She darted a glance at him which clouded his vision and made his heart beat more strongly. This was an old habit of hers. She kept it up from love of fun, having no idea of the effect it produced on more ardent temperaments than her own. He continued hastily:

"Is Sir Charles within doors?"

"Oh, it's the most ridiculous thing I ever heard of in my life," she exclaimed. "A man that lives by himself in a place down by the Riverside Road like a toy savings bank—don't you know the things I mean?—called Sallust's House, says there is a right of way through our new pleasure ground. As if anyone could have any right there after all the money we have spent fencing it on three sides, and building up the wall by the road, and levelling, and planting, and draining, and goodness knows what else! And now the man says that all the common people and tramps in the neighborhood have a right to walk across it because they are too lazy to go round by the road. Sir Charles has gone to see the man about it. Of course he wouldn't do as I wanted him."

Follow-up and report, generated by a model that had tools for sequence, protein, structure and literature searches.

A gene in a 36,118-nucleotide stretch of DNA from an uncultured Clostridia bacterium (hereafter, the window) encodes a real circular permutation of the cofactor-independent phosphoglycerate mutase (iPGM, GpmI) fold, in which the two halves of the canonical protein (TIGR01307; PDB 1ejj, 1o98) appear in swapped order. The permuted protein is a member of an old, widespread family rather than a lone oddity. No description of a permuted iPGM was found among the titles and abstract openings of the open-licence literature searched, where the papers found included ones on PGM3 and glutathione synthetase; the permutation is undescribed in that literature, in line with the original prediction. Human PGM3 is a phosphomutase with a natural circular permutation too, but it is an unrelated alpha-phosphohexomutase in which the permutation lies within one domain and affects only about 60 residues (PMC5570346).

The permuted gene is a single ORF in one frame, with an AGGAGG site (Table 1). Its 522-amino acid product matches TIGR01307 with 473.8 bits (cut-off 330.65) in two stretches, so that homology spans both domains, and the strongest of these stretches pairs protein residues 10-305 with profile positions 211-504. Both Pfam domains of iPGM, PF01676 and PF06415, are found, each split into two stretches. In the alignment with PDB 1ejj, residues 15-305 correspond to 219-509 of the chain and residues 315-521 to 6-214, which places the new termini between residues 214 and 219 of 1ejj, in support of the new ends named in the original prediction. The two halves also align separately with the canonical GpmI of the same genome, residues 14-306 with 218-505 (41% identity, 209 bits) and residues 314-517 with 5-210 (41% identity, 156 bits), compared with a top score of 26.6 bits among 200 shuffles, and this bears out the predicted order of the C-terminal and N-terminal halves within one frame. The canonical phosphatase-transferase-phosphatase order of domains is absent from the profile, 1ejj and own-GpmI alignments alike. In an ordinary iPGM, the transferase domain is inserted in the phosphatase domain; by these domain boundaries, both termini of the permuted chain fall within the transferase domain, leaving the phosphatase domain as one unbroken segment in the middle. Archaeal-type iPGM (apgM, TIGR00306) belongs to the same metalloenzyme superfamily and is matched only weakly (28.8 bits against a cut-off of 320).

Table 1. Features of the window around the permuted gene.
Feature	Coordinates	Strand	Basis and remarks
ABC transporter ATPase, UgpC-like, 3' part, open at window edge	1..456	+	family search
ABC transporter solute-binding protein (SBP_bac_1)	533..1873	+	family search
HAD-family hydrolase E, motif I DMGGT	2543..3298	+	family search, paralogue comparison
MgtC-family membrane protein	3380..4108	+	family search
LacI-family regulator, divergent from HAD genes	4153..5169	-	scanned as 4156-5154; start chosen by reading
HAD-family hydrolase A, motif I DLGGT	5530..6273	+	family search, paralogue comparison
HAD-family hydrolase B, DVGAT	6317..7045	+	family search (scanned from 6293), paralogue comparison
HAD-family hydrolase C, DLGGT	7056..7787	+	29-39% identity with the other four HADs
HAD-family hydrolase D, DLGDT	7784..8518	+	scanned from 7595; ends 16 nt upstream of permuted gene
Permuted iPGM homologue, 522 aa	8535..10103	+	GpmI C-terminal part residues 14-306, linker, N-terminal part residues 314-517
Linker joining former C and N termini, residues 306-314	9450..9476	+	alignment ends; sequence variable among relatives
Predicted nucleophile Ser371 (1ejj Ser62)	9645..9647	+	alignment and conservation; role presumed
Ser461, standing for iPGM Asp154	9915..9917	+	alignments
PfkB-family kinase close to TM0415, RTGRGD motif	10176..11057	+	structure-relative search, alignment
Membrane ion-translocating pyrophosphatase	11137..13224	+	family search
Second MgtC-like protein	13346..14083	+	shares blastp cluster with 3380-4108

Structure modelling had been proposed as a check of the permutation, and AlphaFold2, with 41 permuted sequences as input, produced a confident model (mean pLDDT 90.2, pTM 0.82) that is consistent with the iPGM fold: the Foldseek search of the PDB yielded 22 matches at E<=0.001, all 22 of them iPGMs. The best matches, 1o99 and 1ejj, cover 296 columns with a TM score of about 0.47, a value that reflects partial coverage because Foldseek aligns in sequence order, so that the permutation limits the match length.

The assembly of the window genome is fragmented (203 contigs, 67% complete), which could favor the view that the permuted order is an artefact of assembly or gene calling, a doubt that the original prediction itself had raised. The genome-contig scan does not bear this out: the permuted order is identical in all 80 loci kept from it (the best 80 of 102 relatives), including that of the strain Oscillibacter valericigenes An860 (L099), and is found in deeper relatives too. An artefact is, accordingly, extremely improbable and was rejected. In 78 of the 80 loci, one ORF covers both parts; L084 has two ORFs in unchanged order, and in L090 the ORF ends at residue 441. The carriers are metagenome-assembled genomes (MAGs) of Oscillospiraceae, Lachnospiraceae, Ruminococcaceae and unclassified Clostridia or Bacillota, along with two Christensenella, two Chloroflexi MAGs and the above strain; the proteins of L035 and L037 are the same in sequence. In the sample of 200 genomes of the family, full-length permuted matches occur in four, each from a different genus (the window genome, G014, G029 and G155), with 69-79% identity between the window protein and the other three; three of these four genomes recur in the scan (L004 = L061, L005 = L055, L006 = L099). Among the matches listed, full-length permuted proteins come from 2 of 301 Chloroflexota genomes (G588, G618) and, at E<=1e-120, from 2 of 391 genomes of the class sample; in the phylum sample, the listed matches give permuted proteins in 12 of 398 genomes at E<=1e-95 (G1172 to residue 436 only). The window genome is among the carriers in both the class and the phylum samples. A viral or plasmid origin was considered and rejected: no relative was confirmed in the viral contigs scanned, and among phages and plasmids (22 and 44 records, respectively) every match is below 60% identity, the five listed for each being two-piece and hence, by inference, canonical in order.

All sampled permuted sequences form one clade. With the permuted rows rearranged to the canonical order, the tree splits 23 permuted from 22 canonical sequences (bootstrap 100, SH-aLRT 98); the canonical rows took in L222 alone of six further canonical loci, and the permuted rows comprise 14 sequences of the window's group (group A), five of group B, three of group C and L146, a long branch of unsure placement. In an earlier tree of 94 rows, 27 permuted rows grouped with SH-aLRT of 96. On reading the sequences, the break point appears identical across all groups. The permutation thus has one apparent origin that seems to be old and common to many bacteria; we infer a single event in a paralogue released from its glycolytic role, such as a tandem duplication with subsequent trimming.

"What was that?"

"Write to tell the man to mind his own business, and to say that the first person we found attempting to trespass on our property should be given to the police."

"Then I shall find no one at home. I beg your pardon for calling it so, but it is the only place like home to me."

"Yes; it is so comfortable since we built the billiard room and took away those nasty hangings in the hall. I was ever so long trying to per—"

She was interrupted by an old laborer, who hobbled up as fast as his rheumatism would allow him, and began to speak without further ceremony than snatching off his cap.

"Th'ave coom to the noo groups, my lady, crowds of 'em. An' a parson with 'em, an' a flag! Sur Chorles he don't know what to say; an' sooch doin's never was."

Lady Brandon turned pale and pulled at her horse as if to back him out of some danger. Her visitor, puzzled, asked the old man what he meant.